Move Your Houseplants to Your New Home

66% of consumers in the United States own at least one houseplant, according to one survey from Civic Science. The two main reasons for such a high percentage are improved air quality and calming aesthetics. However, when moving to a new house, packing up all of your beloved indoor plants can seem like a daunting endeavor. From the logistics involved to what you should know before traveling, here are just a few things to keep in mind in order to ensure your plants make it to your new home in one piece.

The power of planning ahead

Before moving your houseplants, planning ahead by giving them the proper care is a great way to ensure they’re ready for the journey. That said, providing proper plant maintenance is a great way to do this, and should be done a few weeks before your moving date. This should involve pruning your houseplants, which can make for less stress and ensure your plants are in good shape while you focus on getting settled in your new home. Taking additional steps, such as repotting your plants in plastic can make for a lighter and easier move, and will allow you to properly wrap and pack your heavier, more breakable plants away safely until you arrive at your new home.

Because proper care of houseplants requires regular maintenance, ensuring that you physically clean the leaves before and after moving is a great way to keep your plants looking fresh and healthy. While there is no hard and fast rule when it comes to giving your plants a good cleaning, those wondering how to clean house plant leaves properly should check the leaves for visible dust and debris every time the plants are watered.

Rubbing the leaves in between your fingers is a great way to determine whether or not a good scrubbing is needed, and the actual cleaning should be done with the proper tools – aka a spray bottle, a microfiber cloth (or paper towel), mild soapy liquid, a soft duster or brush, and a stiffer brush to clean the plant pots.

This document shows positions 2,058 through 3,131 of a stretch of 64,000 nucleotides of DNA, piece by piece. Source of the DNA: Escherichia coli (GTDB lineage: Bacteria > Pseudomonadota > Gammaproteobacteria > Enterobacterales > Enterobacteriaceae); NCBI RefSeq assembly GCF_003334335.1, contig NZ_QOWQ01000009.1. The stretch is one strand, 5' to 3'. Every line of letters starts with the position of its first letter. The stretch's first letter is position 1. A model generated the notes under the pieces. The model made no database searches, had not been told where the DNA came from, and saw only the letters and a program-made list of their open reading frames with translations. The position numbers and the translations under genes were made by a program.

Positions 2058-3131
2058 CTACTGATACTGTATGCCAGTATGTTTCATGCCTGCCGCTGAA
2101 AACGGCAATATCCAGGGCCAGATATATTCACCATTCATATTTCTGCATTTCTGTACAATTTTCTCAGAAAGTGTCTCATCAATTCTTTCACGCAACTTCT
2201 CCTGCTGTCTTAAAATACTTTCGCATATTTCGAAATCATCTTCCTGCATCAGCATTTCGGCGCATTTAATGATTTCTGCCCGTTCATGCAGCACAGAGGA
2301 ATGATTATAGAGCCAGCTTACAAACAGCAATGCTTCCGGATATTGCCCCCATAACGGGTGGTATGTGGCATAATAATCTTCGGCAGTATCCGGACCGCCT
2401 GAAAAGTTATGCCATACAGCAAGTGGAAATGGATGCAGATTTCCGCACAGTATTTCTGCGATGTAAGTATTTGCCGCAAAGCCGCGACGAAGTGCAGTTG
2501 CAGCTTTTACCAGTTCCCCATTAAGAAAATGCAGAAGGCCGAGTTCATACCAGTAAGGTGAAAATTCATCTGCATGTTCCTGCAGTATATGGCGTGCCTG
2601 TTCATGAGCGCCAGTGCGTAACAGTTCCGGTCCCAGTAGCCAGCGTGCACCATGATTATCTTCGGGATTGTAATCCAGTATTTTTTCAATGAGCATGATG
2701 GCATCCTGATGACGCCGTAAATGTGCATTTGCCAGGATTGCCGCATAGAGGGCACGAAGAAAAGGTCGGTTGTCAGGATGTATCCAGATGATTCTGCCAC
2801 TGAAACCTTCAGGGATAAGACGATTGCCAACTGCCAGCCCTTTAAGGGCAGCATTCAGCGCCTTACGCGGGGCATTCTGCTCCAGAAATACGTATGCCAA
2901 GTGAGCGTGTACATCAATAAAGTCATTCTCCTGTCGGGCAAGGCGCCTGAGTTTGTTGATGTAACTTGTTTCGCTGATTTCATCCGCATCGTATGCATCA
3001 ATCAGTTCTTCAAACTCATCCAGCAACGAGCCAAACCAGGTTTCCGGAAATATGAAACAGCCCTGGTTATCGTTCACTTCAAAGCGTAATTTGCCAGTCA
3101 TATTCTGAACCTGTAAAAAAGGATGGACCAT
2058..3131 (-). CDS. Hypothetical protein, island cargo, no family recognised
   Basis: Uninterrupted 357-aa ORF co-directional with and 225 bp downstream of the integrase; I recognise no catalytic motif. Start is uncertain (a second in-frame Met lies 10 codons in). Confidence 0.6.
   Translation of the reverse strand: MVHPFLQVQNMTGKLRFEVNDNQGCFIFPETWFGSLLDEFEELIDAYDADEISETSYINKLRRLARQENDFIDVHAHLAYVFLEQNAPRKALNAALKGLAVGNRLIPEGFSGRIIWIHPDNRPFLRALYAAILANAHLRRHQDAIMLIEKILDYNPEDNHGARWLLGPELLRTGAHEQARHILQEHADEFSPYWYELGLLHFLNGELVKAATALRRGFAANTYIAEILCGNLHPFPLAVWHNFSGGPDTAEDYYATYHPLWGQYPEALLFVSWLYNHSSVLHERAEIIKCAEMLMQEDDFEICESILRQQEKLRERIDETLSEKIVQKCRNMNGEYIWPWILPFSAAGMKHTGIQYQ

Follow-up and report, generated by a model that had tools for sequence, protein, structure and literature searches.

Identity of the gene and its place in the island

From plant size to weather 

When preparing to move to your new home with your houseplants intact, how you pack your plants will determine whether or not they make it safely to your new residence. With that in mind, the size of your plants can play a role in how you go about doing this. For example, smaller plants — such as little potted cactuses or flowers — can easily be transported in a box nestled closely together. Depending on how large the box is, transporting smaller plants can easily be done by putting them in the front passenger seat. Depending on the season, The Sill notes that transporting your smaller plants in the front seat can make for an easy-access way to give them a bit of heat or AC.

When it comes to larger plants, The Sill goes on to say that taking similar steps can be done, though notes that taller plants can end up slightly uprooted — meaning you’ll have to replant them once settled. When packing up taller plants, HGTV recommends packing sphagnum moss into the top of each pot, then proceeding to wrap each pot with plastic and securing it with string and tape so that the plant can then be tipped on its side for mess-free vehicle transport.

In regards to the weather, HGTV goes on to recommend treating plants like pets, especially during long car trips, and notes that wrapping plants with newspaper before loading them is vital when moving in winter months (as even a few seconds of extreme cold can injure a plant).

Prepping for a long distance move

While moving your plants to your new residence can be rather simple if it’s a short drive, those who are moving further away may need to take additional steps into consideration when planning to move with plants. For example, when moving to a different state or even country, doing your research when it comes to the laws and regulations in regards to your plants is essential when planning to move. When moving to different states, Apartment Therapy notes “The US Department of Agriculture requires inspections of plant materials crossing some state lines due to pest controls and local bans on growing particular indoor plants,” highlighting just how vital it is to ensure you’re in compliance. When looking to move to another country, keep in mind that some destinations may have certain plants banned altogether.

Moving can be a stressful challenge as it is, though when planning to bring your plants along with you, the endeavor can be even more so — especially if you’re new to owning houseplants. By planning ahead accordingly and keeping factors (such as plant size and destination rules and regulations) in mind, you can gain peace of mind in knowing that your plants will successfully join you at your new home.

We hope you found this blog post How to Successfully Move Your Houseplants to Your New Home useful. Be sure to check out our post Why We Need Plants And How To Take Care Of Them for more great tips!

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